Blocked punt helps Oklahoma State take halftime lead over Boise State

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A game pitting the highest-scoring teams of the decade has been dominated thus far by special teams, as Oklahoma State used a blocked punt to take a 17-7 lead over Boise State to the locker room in Stillwater.

Boise State scored first on a 31-yard pass from Brett Rypien to John Hightower, but the Broncos lead could have been more. The first sustained drive of the day by either team, a 14-play, 42-yard march by Boise State midway through the first quarter, ended in a 27-yard Haden Hoggarth field goal try that doinked off the right upright.

Oklahoma State notched the equalizer early into the second quarter after Taylor Cornelius found Tylan Wallace for a 43-yard connection, allowing Justice Hill to scamper in for an 8-yard touchdown run on the next play.

The Cowboys forced a three-and-out on the ensuing possession, and Amen Ogbongbemiga bursted through the line to block Quinn Skillin‘s punt, which Ogbongbemiga recovered at the Boise State 7. Cornelius plunged in for a 1-yard rush three plays later to give Oklahoma State a 14-7 lead.

Boise State moved into Cowboy territory on their next touch, but Bryan Harsin elected to go for a 4th-and-6 at the OSU 37, and a group of Cowboys lassoed Alexander Mattison a yard short of the line to gain.

Cornelius hit Tyron Johnson for a 35-yard gain to put Oklahoma State back in Broncos territory, and Matt Ammendola booted a 22-yard field goal, his 15th straight successful try, to push the Cowboy lead to 10. Cornelius hit just four of his 10 passes, but he gained 96 yards on those four completions while leading all rushers with nine carries for 47 yards and a touchdown. Hill was limited to 21 yards on seven carries.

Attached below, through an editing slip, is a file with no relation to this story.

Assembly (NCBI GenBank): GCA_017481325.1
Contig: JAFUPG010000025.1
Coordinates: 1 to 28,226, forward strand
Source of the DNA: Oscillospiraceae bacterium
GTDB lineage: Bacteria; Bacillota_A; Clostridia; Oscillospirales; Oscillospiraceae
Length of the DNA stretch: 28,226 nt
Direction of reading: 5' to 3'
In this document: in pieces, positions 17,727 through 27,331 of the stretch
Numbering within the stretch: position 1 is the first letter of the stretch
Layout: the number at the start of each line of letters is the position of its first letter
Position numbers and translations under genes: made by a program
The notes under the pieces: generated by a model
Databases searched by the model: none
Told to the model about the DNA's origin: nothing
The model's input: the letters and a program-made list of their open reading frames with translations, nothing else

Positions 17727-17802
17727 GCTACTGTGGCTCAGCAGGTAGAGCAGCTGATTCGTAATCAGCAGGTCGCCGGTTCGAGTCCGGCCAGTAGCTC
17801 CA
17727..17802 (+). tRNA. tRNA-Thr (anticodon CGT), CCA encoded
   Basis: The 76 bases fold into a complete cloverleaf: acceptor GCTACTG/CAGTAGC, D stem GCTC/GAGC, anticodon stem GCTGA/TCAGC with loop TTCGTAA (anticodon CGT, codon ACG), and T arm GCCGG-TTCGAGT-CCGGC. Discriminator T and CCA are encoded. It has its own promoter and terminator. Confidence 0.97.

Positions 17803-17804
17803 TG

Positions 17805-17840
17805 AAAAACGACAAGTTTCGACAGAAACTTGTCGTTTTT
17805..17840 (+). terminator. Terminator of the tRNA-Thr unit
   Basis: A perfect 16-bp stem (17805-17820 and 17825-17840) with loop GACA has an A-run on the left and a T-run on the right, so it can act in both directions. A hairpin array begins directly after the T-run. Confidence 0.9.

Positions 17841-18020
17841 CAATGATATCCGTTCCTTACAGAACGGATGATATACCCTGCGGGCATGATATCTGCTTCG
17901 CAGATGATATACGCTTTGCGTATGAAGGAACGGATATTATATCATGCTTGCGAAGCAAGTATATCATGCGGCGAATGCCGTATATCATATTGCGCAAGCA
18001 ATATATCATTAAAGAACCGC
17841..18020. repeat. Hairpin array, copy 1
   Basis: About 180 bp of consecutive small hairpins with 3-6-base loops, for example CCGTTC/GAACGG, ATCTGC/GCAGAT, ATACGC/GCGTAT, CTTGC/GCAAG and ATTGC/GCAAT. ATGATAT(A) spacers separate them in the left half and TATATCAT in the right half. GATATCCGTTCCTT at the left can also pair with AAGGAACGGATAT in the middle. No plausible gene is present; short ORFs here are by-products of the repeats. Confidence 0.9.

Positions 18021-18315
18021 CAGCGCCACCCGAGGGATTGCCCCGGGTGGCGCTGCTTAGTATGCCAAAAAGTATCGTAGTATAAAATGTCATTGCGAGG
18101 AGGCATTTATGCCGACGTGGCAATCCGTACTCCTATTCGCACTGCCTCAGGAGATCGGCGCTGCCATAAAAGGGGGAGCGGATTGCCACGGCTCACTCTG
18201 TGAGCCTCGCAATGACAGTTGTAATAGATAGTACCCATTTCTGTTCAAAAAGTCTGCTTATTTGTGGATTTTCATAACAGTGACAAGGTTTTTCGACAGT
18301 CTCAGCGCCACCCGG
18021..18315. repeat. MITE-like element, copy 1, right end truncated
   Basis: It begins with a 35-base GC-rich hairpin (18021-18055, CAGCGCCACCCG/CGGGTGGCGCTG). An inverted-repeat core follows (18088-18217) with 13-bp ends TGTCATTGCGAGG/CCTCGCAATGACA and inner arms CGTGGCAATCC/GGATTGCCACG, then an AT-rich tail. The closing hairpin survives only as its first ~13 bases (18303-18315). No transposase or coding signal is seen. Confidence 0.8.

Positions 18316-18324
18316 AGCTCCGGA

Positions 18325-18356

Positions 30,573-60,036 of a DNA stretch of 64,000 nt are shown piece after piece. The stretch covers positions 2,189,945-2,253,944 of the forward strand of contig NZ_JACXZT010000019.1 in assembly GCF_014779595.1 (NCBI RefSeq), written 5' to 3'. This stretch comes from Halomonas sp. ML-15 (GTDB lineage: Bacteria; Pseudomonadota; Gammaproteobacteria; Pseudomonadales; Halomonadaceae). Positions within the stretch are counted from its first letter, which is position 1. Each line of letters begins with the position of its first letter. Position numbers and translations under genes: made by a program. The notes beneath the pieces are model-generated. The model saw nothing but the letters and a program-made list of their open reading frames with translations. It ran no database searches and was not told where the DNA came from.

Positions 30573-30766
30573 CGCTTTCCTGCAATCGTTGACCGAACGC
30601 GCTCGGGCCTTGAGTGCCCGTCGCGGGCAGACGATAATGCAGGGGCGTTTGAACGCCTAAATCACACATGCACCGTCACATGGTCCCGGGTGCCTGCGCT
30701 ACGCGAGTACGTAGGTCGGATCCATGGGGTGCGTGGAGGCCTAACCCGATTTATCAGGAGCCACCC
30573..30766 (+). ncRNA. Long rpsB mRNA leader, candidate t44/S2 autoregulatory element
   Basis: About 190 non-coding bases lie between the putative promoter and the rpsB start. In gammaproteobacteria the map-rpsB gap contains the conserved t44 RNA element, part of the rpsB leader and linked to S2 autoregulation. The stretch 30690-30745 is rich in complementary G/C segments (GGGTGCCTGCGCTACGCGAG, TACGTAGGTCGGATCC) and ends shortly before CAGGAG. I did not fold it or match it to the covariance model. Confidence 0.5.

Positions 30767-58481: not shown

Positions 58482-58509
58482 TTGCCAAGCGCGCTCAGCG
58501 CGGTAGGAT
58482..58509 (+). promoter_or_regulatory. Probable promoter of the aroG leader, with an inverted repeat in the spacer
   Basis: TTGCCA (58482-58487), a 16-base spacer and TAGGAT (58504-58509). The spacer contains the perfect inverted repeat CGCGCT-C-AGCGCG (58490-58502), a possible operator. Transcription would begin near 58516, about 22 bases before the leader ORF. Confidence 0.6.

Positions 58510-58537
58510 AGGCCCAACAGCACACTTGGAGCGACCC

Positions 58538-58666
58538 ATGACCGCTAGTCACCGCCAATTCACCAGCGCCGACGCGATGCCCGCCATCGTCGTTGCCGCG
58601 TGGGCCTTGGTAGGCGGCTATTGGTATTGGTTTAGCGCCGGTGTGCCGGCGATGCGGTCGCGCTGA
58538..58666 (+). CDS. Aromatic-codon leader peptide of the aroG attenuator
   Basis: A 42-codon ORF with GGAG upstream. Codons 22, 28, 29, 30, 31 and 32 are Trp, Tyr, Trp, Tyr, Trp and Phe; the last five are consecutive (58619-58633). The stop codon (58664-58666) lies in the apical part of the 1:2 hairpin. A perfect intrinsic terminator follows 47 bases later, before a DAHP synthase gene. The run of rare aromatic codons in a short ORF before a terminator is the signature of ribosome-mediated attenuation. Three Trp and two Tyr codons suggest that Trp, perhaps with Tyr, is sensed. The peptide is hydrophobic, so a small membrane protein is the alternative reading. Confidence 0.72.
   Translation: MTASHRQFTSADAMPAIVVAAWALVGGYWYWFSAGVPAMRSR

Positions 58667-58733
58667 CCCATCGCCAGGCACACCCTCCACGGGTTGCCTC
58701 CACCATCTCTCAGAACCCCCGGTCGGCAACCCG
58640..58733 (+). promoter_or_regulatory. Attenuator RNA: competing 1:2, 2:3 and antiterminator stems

Rypien completed 19-of-25 passes for 172 yards and a touchdown, but the Broncos were credited with just 31 rushing yards in the half.

Oklahoma State will receive to open the second half.

UNC suspends 13 players for selling team-issued shoes

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A total of 13 North Carolina players will be suspended for at least one game this season after the school self-reported secondary violations to the NCAA. The offense is related to the selling of team-issued shoes.

Offensive lineman Brian Anderson, defensive end Malik Carney, wide receiver Beau Corrales, defensive end Tomon Fox, defensive end Tyrone Hopper, offensive lineman Quiron Johnson, linebacker Malik Robinson, quarterback Chazz Surratt and offensive lineman Jordan Tucker will all sit out four games. Defensive backs Greg Ross and Tre Shaw will be forced to miss two games, and quarterback Jack Davidson and offensive lineman Jonah Melton will serve a one-game suspension. The NCAA will allow UNC to stagger the suspensions to account for roster depth concerns that raise the health hazards to the entire team.

Carney will miss games against East Carolina, UCF, Pittsburgh and Virginia Tech. Fox will serve his suspension for games against Miami, Syracuse, Virginia and Georgia Tech. The remainder of the suspensions will begin to be served during UNC’s season opener at California. UNC plays at East Carolina and home against UCF and Pittsburgh in the first four weeks of the season.

“I am certainly upset by our players’ actions and how their choices reflect on them, our program, and the University,” head coach Larry Fedora said in a statement. “These young men knew the rules and are being held responsible for the poor choices they have made.”

All suspended players will be allowed to practice with the team and attend all meetings.